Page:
Countering Cyprus’ licensing of licenseing a team of the US’ ExxonMobil and Qatar Energy to look for oil and gas in part of the island’s Exclusive Economic Zone (EEZ,) Turkey said one of its energy ships would keep operating there.
The Antalya station issued a navigational telex (NAVTEX) warning off other ships in announcing the Oruc Reis will continue its seismic exploration mission in the sea area between southern Turkey and the Turkish-occupied north of Cyprus through Jan. 31.
Analysts not named told Kathimerini that the NAVTEX was another signal from Turkey it won’t stop hunting for oil and gas in the same waters after warning it would not allow the foreign companies ships there.
The Turkish ship has been there for some 2 ½ months in defiance of soft European Union sanctions after Turkish President Recep Tayyip Erdogan’s government claimed parts of the Continenal Shelf in the region.
Earlier in December, ExxonMobil and Qatar Energy signed a contract for oil and gas exploration and production-sharing off the island divided since unlawful 1974 invasions by Turkey, which seized the northern third.
Cypriot Energy Minister Natasa Pilides, Varnavas Theodosiou, CEO of ExxonMobil Cyprus, and Ali al-Mana, Director of Qatar Energy’s International Upstream and Exploration, signed the contract in Nicosia.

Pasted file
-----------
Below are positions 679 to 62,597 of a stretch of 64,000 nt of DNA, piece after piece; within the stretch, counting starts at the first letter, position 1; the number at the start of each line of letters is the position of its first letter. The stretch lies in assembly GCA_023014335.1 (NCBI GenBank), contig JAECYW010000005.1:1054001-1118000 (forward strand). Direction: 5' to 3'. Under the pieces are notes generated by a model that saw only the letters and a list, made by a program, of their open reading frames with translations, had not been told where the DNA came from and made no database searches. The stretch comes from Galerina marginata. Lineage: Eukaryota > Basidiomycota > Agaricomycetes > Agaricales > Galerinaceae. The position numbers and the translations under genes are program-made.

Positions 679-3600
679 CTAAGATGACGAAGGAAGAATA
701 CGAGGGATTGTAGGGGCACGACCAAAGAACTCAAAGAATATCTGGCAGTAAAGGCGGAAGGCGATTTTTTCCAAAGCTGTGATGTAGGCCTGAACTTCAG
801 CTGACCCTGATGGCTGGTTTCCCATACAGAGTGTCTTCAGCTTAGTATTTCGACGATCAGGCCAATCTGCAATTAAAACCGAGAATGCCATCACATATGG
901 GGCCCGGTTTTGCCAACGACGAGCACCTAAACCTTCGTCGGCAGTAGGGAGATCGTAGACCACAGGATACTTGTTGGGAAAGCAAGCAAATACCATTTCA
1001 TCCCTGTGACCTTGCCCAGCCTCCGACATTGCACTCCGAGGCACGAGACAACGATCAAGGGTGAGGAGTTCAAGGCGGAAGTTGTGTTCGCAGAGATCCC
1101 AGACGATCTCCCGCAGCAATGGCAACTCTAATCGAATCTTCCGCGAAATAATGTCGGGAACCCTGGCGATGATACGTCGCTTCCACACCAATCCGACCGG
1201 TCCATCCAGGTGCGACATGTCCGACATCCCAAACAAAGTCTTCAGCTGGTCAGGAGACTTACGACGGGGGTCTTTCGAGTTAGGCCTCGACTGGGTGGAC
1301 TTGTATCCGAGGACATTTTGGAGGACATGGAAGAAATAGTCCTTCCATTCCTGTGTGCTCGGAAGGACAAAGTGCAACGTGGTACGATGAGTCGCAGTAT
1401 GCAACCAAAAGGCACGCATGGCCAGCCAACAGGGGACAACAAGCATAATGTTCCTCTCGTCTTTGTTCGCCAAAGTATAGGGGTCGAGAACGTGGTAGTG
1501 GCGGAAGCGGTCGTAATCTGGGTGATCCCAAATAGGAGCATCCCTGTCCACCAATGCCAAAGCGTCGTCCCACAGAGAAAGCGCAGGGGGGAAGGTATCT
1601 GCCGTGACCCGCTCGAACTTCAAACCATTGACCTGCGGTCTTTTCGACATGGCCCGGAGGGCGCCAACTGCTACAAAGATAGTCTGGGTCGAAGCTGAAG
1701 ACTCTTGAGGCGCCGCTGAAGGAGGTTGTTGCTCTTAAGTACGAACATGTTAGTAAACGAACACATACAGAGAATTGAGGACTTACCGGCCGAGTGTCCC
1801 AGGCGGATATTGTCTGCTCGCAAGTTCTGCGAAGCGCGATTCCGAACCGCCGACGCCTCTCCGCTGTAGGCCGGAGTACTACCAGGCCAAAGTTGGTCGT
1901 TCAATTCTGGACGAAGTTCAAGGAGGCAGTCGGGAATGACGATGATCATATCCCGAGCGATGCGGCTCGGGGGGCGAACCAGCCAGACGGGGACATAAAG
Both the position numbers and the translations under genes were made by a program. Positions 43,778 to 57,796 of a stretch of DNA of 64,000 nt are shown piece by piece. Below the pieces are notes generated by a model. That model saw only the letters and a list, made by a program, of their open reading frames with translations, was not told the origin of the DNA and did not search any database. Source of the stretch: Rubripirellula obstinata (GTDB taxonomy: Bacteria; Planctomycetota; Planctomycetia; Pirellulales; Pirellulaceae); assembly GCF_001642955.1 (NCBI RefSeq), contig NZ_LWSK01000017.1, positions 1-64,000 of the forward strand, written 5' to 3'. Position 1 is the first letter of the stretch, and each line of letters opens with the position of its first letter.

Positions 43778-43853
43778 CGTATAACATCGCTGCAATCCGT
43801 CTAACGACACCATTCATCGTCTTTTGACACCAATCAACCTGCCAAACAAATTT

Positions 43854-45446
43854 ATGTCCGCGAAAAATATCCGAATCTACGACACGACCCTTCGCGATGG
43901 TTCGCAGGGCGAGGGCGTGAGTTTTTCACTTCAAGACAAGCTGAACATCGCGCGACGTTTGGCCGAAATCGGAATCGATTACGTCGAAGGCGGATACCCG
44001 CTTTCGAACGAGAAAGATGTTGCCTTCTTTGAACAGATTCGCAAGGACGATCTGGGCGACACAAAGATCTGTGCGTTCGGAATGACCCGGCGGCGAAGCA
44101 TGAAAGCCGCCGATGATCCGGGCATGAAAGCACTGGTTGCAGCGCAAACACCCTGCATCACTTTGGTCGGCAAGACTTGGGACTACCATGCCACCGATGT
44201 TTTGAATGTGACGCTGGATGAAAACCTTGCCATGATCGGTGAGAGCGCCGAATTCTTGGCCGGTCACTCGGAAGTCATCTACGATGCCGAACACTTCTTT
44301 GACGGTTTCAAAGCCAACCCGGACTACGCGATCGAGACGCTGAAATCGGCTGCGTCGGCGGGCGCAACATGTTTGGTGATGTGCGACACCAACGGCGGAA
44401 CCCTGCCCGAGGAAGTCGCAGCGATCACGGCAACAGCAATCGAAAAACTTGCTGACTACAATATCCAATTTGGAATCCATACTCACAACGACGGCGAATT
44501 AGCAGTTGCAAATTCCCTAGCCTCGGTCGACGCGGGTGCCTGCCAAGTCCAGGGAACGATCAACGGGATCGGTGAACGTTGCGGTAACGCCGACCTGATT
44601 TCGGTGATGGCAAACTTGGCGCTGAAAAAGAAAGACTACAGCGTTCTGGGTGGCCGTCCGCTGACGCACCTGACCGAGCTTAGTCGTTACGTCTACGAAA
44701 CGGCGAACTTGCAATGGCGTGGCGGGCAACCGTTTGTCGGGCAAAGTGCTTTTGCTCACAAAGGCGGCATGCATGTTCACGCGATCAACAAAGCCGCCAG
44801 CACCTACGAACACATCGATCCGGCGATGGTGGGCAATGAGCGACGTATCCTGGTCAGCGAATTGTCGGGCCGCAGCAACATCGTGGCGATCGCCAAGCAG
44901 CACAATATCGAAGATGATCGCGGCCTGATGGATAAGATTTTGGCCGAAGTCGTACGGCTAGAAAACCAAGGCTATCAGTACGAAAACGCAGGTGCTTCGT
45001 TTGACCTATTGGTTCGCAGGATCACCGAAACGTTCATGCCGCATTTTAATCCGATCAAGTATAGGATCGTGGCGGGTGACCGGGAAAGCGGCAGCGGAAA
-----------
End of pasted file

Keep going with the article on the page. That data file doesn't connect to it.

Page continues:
It is the second gas exploration contract that the consortium has signed for Block 5 in the island’s EEZ, reported Agence France-Presse then, noting that in February 2019, the consortium discovered a huge natural gas reserve off Cyprus in Block 10, the island’s largest find to date, holding an estimated five to eight trillion cubic feet.
The consortium plans to drill an appraisal well on Block 10 in late December, with results expected by the end of February, 2022, the report noted, with the exploration put on hold for a time during the COVID-19 pandemic.
“Despite the increasingly difficult working environment for the global oil and gas industry, today we are taking a decisive step towards enhancing our mutually beneficial partnership,” Pilides said, AFP reported.
Asked about Turkey’s negative reaction to the licensing of Block 5, Pilides said: “We proceed based on international law and the Law of the Sea; This has always been our principle.”
“Turkey will never allow any foreign country, company or ship to engage in hydrocarbon exploration activities in its maritime jurisdictions,” the Turkish Foreign Ministry said then.
In February, 2018, Turkish warships kept an energy vessel from Italy’s ENI from reaching an area where it was licensed with no response from Italy or the Italian Navy.